Be the Referee: Catch or No Catch

By Brent Rice
MHSAA Assistant Director

September 16, 2021

Be The Referee is a series of short messages designed to help educate people on the rules of different sports, to help them better understand the art of officiating, and to recruit officials.

Below is this week's segment – Catch or No Catch - Listen

Catch … or no catch. It’s a decision that must be made in a split second and can be one of the most difficult decisions a football official has to make – especially one along the sidelines.

In high school, for a catch to be considered complete the receiver must:

Have possession and control of the ball AND

One foot or other body part must first come down in bounds.

This means that if you are forced out of bounds while in the air and with possession of the ball, it is NOT a catch. A defender can legally knock an airborne receiver out of bounds to prevent a completion. The receiver has to get one foot – or other body part – down in bounds for it to be ruled a complete catch.

Previous editions

Sept. 9: Intentional Grounding – Listen 
Sept. 2: Pass Interference – Listen 
Aug. 26: Protocols and Mechanics  Listen

 

Be the Referee: Competitive Cheer Judges

By Paige Winne
MHSAA Marketing & Social Media Coordinator

January 24, 2023

Be The Referee is a series of short messages designed to help educate people on the rules of different sports, to help them better understand the art of officiating, and to recruit officials.

Below is this week's segment – Competitive Cheer Judges - Listen

Ready! Set!

There are a lot of moving parts to a competitive cheer competition, including safety judges.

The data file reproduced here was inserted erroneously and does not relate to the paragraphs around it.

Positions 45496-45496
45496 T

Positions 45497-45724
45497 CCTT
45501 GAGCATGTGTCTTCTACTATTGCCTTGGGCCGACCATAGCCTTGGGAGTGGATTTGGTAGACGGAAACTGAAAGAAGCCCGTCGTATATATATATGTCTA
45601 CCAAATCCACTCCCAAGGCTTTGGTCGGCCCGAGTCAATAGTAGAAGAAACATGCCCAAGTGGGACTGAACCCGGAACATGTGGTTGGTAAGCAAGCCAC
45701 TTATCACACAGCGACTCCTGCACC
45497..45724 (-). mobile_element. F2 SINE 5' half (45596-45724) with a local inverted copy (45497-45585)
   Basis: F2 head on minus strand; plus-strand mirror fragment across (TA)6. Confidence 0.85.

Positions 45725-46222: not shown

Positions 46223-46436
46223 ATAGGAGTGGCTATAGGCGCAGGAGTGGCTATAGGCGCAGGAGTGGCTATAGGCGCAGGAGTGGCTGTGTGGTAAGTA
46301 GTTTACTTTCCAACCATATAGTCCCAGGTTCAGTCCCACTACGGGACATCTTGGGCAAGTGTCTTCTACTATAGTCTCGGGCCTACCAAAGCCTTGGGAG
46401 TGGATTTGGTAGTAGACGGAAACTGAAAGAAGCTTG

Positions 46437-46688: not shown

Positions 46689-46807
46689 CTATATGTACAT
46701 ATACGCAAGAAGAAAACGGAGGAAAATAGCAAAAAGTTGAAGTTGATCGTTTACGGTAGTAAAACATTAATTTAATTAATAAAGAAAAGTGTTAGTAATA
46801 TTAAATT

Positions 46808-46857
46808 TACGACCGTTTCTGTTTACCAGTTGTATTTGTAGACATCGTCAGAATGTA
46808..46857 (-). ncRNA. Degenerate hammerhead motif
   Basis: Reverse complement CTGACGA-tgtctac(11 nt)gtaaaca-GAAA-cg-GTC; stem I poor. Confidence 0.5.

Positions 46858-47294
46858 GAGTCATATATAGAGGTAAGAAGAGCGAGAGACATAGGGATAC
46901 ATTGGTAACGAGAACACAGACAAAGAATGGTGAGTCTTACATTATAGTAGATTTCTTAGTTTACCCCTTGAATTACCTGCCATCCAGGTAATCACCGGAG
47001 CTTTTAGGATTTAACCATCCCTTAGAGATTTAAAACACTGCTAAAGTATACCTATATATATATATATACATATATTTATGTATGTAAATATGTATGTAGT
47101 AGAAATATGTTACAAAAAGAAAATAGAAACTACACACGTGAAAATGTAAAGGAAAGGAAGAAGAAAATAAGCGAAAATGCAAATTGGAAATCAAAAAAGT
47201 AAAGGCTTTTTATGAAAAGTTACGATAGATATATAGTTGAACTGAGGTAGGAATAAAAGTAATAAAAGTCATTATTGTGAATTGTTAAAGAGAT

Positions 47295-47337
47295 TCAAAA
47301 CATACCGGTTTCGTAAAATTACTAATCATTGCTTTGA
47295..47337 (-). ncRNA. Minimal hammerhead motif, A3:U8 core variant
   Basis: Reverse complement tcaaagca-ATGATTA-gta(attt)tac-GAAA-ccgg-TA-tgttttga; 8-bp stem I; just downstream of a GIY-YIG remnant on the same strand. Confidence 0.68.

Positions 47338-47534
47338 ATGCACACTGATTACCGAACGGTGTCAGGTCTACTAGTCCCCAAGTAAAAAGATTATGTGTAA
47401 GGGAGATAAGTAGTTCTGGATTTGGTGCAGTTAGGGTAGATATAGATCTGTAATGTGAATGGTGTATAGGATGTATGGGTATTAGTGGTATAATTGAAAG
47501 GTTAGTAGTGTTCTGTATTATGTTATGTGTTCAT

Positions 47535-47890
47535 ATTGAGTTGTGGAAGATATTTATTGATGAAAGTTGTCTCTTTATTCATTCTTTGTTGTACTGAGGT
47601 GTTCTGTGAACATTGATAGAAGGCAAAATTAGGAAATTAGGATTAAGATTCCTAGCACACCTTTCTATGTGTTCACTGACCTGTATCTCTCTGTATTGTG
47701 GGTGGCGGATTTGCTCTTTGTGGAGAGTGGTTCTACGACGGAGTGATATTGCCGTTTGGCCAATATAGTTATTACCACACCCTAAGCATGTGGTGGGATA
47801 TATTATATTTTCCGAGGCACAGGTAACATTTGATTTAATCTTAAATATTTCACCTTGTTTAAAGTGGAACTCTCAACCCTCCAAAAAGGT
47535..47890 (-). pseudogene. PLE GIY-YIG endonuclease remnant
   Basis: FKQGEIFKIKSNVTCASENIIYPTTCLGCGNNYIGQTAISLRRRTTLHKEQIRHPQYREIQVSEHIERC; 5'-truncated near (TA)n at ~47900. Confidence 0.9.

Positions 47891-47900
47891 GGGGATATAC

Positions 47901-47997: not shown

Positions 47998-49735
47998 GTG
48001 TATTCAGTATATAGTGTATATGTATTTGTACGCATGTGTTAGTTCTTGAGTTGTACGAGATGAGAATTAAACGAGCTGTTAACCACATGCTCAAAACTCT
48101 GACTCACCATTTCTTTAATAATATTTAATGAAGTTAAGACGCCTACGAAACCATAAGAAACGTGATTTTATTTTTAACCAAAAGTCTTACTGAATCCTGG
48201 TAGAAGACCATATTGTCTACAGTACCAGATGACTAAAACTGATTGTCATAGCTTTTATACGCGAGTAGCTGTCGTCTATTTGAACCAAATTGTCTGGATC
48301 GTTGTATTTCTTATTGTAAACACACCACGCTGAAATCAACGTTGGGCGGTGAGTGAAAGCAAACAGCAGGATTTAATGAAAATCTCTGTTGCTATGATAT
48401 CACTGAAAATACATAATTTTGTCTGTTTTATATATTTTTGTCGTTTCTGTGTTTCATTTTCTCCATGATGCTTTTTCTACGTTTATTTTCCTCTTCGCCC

For each competition there are a minimum of two safety judges and three panel judges. But what does each position do?

Safety judges are there for safety – as simple as that sounds. During competition, they are mobile, circling the mat identifying illegal skills, improper spotting techniques, time infractions, and anything else deemed unsafe. They also are counting the number of competitors and floor formations for each team.

Panel judges – and there are three of them – are scoring the round. Each round is made up of skills, floor formations, transition moves and stunts that all must be evaluated.

Both safety and panel judges can deduct points for errors in the routine.

Previous Editions:

Jan. 17: More Lines - Listen
Jan. 10: On the Line - Listen
Jan. 3: Basketball Measurements - Listen
Dec. 13: Pregame Dunks - Listen
Dec. 6: Gymnastics Judges - Listen
Nov. 22: Football Finals Replay - Listen
Nov. 15: Back Row Illegal Blocker - Listen
Nov. 8: Swim Turn Judges - Listen
Nov. 1: Soccer Referee Jersey Colors - Listen
Oct. 25: Cross Country Tie-Breaker - Listen
Oct. 18: Soccer Shootouts - Listen
Oct. 11: Safety in End ZoneListen
Oct. 4: Football Overtime Penalty - Listen
Sept. 27: Kickoff Goal - Listen
Sept. 20: Soccer Timing - Listen
Sept. 13: Volleyball Replays - Listen
Sept. 6: Switching Sides - Listen
Aug. 30: Play Clock - Listen
Aug. 23: Intentional Grounding Change
- Listen